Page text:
Is background office noise music to your ears, or a discordant cacophony that drives you bonkers? How you answer this question will say a lot about the type of office environment you’ll need to work in to be your productive, innovative, and collaborative best.
Background noise has long been a topic of discussion for workplace strategists, particularly as it relates to the open office. The work-from-home experience hasn’t done much to quiet the din around office noise.
Popular Science picked up the topic earlier this week in a post exploring the future of work
. Regarding noise, the author shares research from cognitive researcher Anja Jamrozik, who has found that “small things” can really take a toll on employee wellbeing. These small things include noise… “when people are experiencing noise, especially speech, it’s very distracting,” she shared. Open offices, with all that potential for shared listening, make people “generally unhappy,” she added.
And so, easing office noise will be one potentially positive effect of reconfiguring or reoccupying the open office around health and safety as guiding principles. But MIT Technology Review shared
a much different perspective in a piece it published this week on background noise desired by newly WFH workers used to the sounds of an open office.
This piece starts with a fun little anecdote about audio engineer Stéphane Pigeon, who created myNoise.net, a resource for at-work background noise. Pre-pandemic, Pigeon apparently received a request to replicate office sounds. His knee-jerk reaction was “no, no, no,” Pigeon told the author. How confusing would that be? “ ‘People don’t want to listen to those sounds.’ ”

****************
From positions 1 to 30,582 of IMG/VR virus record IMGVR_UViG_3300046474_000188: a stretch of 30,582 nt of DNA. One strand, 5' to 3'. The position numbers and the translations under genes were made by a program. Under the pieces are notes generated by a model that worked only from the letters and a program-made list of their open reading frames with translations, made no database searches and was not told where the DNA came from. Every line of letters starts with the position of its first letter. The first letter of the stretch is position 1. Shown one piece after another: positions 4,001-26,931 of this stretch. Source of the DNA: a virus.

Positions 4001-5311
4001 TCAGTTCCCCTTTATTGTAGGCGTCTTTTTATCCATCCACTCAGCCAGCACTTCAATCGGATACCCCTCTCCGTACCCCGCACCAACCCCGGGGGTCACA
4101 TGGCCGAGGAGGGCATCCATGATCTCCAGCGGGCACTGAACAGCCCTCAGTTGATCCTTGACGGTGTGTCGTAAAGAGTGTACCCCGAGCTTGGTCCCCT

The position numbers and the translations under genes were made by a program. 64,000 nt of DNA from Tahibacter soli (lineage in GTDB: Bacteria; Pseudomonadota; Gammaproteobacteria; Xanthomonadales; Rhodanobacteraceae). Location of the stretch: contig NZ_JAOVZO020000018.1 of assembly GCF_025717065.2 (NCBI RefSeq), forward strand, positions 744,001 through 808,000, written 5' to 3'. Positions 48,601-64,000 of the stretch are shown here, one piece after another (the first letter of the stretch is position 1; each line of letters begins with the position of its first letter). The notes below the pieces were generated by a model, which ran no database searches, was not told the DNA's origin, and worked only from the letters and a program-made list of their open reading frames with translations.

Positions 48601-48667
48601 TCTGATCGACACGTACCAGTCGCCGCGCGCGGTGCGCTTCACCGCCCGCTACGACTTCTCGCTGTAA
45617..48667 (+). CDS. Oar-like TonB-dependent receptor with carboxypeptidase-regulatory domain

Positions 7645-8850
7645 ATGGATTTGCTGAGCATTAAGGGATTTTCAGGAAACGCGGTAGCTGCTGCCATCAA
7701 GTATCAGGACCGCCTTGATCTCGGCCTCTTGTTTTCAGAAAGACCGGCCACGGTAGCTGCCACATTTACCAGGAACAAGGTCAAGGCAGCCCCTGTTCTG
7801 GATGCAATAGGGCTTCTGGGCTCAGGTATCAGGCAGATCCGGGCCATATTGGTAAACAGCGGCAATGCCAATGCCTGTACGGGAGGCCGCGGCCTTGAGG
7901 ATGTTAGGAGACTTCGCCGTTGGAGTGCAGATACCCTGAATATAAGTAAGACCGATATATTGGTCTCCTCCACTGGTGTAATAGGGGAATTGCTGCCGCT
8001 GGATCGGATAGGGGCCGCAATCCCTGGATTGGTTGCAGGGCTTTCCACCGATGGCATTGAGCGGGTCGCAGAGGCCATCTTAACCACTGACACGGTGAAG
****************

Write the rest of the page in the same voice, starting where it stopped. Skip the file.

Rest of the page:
As it turns out, some do. Pigeon caved to additional similar requests, and according to the article, in March released Calm Office
; 250,000 streams later, this is now one of the most popular myNoise choices. “Pigeon is still bewildered that Calm Office’s clackety keys, fax machine whirrs, and distant strains of conversation have become as popular as they are,” the author shared.
Sounds of Colleagues
, from two Swedish ad agencies, is also proving quite popular during this pandemic period. One user, of a reported 1.2 million, said that the sound of keyboard clicking makes him feel not only safe but not alone though socially distanced at home. Nick Perham, a U.K. academic who has researched background noise and office sounds, shared with MIT Tech Review that myNoise, Sound of Colleagues, and other such products “help to create the ‘babble effect’ experienced in a coffee shop: voices and sounds meld together, helping people focus by blocking out annoying background noises.”
No doubt, as the MIT Tech Review article concludes, listening to background office noise even when it’s just little old you working in a bedroom-cum-office helps bring about a feeling that all is normal. And with that, we can presume you’re at your productive, innovative, and collaborative best.